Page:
Category: 12 Turning Points

Disc Electron, Duality, Relativity

30 Relativity

This page covers the relativity section of the course. 

The key to understanding the Michelson–Morley experiment (Topic 3.1) is realising that turning the apparatus through 90º alters the relationship between the beam paths and the Earth’s motion – no matter which way the Earth is moving. The null result disproves the ether theory.

Inertial frames of reference can be explained as places where the observer is considered to be at rest compared to the measuring equipment they are using. Since the value of the speed of light is always the same, then the observer’s measuring equipment (their ruler or their clock) must adapt to conform with any relative motion. Thus at high relative velocities their ruler would shrink and their clock would slow so as to indicate the correct readings.

Resources

30 Relativity

30 Relativity Book

A2 Relativity Practice Questions

A2 Relativity Timed Assessment

Relative Motion and Inertial Reference Frames

Did you know that everything is moving? Even you, as you're sitting perfectly still, because the earth is moving, and the sun, and the galaxy, and so forth. For this ...reason, it only makes sense to talk about the motion of some object relative to some other object, just as Galileo told us. Watch this and see what I mean!

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29 Wave Particle Duality

This page covers the wave particle duality section of the course. 

One way of modelling Newton’s corpuscular theory of light (Topic 2.1) is a rough demonstration of refraction using a ball rolling down a slope. Fold and support a large piece of card so that there are two flat surfaces separated by a short broad ramp. If a small ball is made to roll obliquely down the ramp from the higher surface to the lower, its direction changes (towards the normal) as it speeds up. The students can investigate Young’s fringes with either light or 3 cm microwaves, depending on the equipment you have available. An appropriate risk assessment should be carried out, especially if you are using a laser for the light source. You may be surprised to learn that Newton maintained his support for the corpuscular theory despite having studied Newton’s rings – which provide strong evidence in favour of the wave nature of light.

Electromagnetic waves (Topic 2.2) can be demonstrated using 3 cm microwaves. Most microwave kits include the extra equipment needed to demonstrate and investigate the properties of waves. For instance, students should be able to measure the wavelength by setting up a standing wave with an aluminium reflector and using the probe to locate the maxima and minima. Other wave properties that can be studied using 3 cm microwaves include diffraction and polarisation.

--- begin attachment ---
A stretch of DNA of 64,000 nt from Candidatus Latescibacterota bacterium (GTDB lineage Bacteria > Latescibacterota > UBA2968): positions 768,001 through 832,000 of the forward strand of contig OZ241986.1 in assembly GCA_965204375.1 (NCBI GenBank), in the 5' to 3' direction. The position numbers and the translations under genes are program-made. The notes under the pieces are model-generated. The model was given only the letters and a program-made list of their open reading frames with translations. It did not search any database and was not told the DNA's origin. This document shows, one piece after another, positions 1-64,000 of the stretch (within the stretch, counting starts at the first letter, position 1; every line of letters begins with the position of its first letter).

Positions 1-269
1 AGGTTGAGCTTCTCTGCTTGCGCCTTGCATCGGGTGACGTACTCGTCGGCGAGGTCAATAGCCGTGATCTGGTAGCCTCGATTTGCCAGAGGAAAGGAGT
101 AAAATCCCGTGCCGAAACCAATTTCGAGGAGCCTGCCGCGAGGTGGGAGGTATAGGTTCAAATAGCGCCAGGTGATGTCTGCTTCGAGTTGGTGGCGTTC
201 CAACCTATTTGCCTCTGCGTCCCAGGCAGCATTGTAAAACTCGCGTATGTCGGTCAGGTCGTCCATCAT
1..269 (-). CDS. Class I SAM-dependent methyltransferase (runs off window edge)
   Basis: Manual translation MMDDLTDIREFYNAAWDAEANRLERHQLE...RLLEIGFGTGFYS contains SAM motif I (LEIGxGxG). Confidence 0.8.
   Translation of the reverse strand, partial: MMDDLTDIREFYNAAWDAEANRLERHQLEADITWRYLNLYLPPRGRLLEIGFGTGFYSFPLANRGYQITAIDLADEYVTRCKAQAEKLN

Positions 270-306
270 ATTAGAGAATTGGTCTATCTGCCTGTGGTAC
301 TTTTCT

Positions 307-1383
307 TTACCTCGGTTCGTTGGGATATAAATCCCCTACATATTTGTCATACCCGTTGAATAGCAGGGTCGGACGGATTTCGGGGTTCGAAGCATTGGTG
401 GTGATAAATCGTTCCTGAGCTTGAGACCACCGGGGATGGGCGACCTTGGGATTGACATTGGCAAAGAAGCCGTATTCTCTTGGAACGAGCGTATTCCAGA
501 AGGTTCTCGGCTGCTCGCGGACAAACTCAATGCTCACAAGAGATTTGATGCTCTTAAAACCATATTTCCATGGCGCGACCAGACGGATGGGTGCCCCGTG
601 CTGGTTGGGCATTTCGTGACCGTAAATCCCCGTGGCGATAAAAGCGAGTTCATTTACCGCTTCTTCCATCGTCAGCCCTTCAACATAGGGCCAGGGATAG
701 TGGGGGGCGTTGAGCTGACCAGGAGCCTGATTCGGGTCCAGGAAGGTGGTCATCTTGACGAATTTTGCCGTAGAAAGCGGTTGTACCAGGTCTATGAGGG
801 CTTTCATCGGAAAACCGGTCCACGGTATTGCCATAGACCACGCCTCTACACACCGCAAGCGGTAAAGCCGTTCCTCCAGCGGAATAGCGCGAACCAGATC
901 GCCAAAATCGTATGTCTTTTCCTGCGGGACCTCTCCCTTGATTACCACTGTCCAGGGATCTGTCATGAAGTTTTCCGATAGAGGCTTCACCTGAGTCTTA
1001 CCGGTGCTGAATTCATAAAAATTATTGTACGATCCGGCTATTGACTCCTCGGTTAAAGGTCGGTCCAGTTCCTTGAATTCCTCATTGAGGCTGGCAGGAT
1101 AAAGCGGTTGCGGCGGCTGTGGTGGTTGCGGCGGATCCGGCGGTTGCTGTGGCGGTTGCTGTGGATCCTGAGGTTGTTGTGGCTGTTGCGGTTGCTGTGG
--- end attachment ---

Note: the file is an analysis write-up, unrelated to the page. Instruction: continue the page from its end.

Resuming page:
We can introduce wave–particle duality via the photoelectric effect (Topic 2.3), which shows why a particle theory of light won favour again. Students should understand the difference between photons and photoelectrons. Simply put, it is the photons that go in and photoelectrons that come out. The idea of a minimum energy may be hard to grasp, but a simple analogy for the photoelectric effect is for students to think of a sculptor chipping away at a stone block. Insufficient energy produces no result; a hard blow chips a little away; a harder blow can send a small chip flying. If you calculate some photon energies for different types of electromagnetic waves (using E = hf or E = hc/λ) they can relate this energy to the position in the electromagnetic spectrum, which they should recall from their GCSE work.

A simple way for understand how to measure the Planck constant is by using LEDs of different colours. Students should measure the forward bias voltage (V) that just switches each LED on. Manufacturers supply values for the wavelength (λ) of the light produced by their LEDs. Once students are clear that in this case the energy flow runs the other way from that in the photoelectric effect, they can substitute their values in eV = hc/λ.

The discovery of electron diffraction (Topic 2.4) substantiated de Broglie’s hypothesis. It is a useful exercise to calculate the de Broglie wavelength for various particles – for instance electrons moving in a TV tube or protons in an accelerator beam.

This chapter can be difficult. The concept of wave–particle duality involves new concepts. You should try to develop confidence with the formulae and calculations used to test understanding of this material in examinations.

Resources

29 Wave Particle Duality

29 Wave Particle Duality Book

A2 Wave Duality Prac Questions

A2 Wave Duality Timed Asssessment

 

Links

SEM Simulation

Liquids Conduct Heat Poorly

This simple idea shows how energy is not conducted well by a fluid. Heat ice and water to see if boil at the top and and still be frozen at ...the bottom.[+] Show More

Permanent link to this article: https://www.animatedscience.co.uk/a-level-physics-topics/12-ks5-turning-points/29-wave-particle-duality

28 Discovery of the Electron

This page covers discovery of the electron section of the course. 

Resources

28 Discovery of Electron

28 Discovery of Electron Book

A2 Discovery of Electron Timed Assessment

Thermionic Emission Explained - The Cathode Ray Tube - Physics

When a metal wire is heated in a vacuum, electrons are 'boiled' off the surface. This effect is called thermionic emission.

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